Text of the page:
Algeria Emerges from the Shadows: Algeria's Economic Development Took a Serious Hit When Civil War Broke out in the Early 1990s. with Domestic Tensions Easing, the Country Has Launched a Bid to Diversify Its Oil- and Gas-Dependent Economy, Unveiling Ambitious Plans to Open Up the County to Foreign Visitors
Kan, Charlotte, The Middle East
Algeria has the eighth-largest reserves of natural gas in the world, is the fourth-largest gas exporter and ranks 16th in oil reserves according to OPEC. Hydrocarbons are the backbone of the economy, generating around 60% of budget revenues, more than 30% of GDP, and over 95% of exports. In order to lessen its reliance on global oil and gas demand, the government has made greater efforts since the mid-1990s to diversify the economy by attracting foreign and domestic investment outside the energy sector.
In 2010, Algeria launched a five-year, $286 billion development programme to update the country's infrastructure and boost employment levels by encouraging local business development, as well as education and housing projects. The Ministry of Transport in Algeria has allocated a budget of $9.6 billion for large transport infrastructure projects such as the modernisation of airports, ports and railways, and will invest a further $8.2 billion on larger projects such as the east-west motorway. Overall, public spending has increased by 27% annually during the past five years.
These initiatives are slowly bearing fruit, and GDP growth, which stood at 2.5% in 2011, is accelerating. The International Monetary Fund (IMF) forecasts GDP growth to reach 3.1% in 2012 and 3.4% in 2013. Thanks to its hydrocarbon exports, Algeria owns around $170 billion of foreign currency reserves, which puts it in 10th place globally, even ahead of former colonial power France. Moreover, the country benefits from very low debt, which stands at a meagre 2% of its $180 billion annual GDP: Algeria is a "rich" country.
However, Algeria's wealth is poorly distributed and a third of the population lives on less than $2 a day. The government still employs nearly a third of the workforce. Food price inflation is creeping, as in other North African countries, and has led to protests and riots. At more than 10%, unemployment remains high, in particular amongst the youth, where it stands at around 21% on paper, though it is said to be closer to 30-40% in reality. The young, jobless population is often described as a "timebomb", and in a paper entitled Unemployment and Labour Market Issues in Algeria, issued in April this year, the IMF warns this is a problem the country should tackle, or risk facing unrest in the street, as was seen in neighbouring Tunisia, Libya and Morocco.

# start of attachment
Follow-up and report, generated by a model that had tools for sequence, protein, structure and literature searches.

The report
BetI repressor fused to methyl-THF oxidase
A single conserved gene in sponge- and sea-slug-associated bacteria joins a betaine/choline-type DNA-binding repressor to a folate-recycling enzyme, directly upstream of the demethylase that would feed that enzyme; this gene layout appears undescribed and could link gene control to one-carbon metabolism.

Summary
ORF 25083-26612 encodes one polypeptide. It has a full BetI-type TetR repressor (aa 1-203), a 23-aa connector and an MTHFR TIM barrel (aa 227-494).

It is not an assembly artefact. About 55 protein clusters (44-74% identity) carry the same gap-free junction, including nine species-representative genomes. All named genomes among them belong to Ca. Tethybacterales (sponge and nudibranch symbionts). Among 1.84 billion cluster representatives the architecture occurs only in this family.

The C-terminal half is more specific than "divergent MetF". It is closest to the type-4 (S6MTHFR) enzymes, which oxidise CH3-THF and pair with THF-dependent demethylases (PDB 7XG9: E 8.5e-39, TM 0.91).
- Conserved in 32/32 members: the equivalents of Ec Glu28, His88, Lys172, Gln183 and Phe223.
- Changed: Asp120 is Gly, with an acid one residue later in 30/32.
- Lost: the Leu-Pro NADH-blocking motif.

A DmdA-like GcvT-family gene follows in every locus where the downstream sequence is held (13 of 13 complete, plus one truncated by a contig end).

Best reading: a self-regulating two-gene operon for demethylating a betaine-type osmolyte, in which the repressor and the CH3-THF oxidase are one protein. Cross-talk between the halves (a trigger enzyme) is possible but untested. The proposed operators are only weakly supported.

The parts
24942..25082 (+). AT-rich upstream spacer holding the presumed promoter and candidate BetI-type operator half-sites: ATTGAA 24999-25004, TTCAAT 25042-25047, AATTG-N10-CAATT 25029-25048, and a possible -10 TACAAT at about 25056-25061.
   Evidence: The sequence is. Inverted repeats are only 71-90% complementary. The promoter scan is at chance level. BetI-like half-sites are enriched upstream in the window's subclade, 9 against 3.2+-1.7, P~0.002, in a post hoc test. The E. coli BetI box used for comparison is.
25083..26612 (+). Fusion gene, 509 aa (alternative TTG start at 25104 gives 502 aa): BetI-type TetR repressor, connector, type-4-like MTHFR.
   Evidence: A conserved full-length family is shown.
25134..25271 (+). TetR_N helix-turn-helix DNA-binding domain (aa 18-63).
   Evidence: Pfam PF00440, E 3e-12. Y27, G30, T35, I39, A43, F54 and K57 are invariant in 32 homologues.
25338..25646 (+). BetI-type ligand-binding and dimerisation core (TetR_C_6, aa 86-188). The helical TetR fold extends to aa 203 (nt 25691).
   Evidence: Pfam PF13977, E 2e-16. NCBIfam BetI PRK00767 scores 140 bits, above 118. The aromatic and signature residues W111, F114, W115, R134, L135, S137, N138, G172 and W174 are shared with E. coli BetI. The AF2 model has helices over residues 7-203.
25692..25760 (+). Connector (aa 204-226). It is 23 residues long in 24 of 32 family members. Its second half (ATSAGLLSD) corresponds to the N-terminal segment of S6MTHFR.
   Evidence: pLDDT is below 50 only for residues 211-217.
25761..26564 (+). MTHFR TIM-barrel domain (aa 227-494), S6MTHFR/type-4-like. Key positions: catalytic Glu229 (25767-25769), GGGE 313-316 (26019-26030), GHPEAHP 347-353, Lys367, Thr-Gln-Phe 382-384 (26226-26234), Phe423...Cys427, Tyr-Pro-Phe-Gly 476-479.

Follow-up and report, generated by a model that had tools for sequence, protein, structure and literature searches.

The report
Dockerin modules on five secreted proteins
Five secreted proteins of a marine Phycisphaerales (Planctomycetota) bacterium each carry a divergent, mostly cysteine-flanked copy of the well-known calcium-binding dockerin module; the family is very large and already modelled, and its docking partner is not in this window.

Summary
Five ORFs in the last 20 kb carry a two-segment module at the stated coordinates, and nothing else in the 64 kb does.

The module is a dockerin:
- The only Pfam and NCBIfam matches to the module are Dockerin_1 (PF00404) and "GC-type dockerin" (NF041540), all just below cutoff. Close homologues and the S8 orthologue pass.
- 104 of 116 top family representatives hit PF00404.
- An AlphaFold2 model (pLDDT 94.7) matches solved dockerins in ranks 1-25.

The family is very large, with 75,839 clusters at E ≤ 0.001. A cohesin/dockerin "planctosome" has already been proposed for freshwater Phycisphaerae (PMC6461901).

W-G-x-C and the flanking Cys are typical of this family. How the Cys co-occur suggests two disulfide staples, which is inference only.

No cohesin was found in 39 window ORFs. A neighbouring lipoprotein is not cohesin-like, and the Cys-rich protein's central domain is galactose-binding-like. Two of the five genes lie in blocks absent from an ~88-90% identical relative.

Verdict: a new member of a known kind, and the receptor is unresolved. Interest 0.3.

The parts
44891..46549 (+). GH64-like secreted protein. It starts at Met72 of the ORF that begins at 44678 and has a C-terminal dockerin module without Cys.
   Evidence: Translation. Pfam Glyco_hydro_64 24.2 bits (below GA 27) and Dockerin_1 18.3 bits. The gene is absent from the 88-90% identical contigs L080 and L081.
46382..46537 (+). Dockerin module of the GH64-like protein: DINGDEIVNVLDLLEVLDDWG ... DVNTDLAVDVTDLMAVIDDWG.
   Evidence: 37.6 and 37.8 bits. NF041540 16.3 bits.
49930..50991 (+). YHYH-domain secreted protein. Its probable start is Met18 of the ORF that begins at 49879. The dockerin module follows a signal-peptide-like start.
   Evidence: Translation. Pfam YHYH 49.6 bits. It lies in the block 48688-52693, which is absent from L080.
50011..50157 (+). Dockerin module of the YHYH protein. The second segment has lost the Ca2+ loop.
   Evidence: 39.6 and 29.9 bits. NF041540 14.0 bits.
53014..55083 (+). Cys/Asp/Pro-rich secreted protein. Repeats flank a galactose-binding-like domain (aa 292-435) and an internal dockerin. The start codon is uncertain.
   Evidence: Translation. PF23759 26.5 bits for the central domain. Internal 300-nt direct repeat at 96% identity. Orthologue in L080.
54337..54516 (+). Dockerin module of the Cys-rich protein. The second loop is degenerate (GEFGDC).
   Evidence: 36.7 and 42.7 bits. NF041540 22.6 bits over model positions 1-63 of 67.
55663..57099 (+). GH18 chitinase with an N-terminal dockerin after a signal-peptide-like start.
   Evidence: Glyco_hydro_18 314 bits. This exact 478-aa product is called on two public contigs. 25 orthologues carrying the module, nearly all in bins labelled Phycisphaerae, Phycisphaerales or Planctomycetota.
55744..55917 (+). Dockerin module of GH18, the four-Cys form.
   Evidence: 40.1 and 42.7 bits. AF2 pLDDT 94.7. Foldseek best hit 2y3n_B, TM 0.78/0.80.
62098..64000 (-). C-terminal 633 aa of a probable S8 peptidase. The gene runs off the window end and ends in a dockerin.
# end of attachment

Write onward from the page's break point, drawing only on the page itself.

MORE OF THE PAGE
"Despite several years of sustained growth, the unemployment rate in Algeria remains high compared to other emerging economies. In addition, while growth performance in the last 10 years was accompanied by a significant reduction in the overall unemployment rate, youth joblessness has proven more difficult to tackle as evidenced by the fact that the ratio of youth unemployment to overall unemployment has steadily increased over the recent period," the IMF notes.
Ambitious development plans for tourism
Given the popularity of tourism in the region, developing the local industry is seen as a way to answer many of Algeria's economic and social woes.
Algeria definitely has potential, with 1,200 kilometres of Mediterranean coastline and a mild, sunny climate. It offers a great variety of landscapes, from mountains to the dunes of the Sahara desert, which covers four fifths of the land. It shares borders with Morocco, Libya, Tunisia, Mauritania, Mali and Niger, and has several national parks and natural reserves with stunning scenery. According to various travel guides including the popular Lonely Planet "Algeria is one of the most fascinating countries in North Africa".
"In the dramatic Unesco-listed Tassili N'Ajjer and Hoggar regions, near the town of Tamanrasset, tribal culture is very much alive, and the day-to-day hassle common to many Arab countries is conspicuously absent. Algiers contains a vivid mix of tradition and modernism, its colonial past maintaining a presence. Timimoun embodies the storybook oasis town of the Sahara, and the welcoming town of In Salah is split in two by a creeping sand dune", the guide notes. …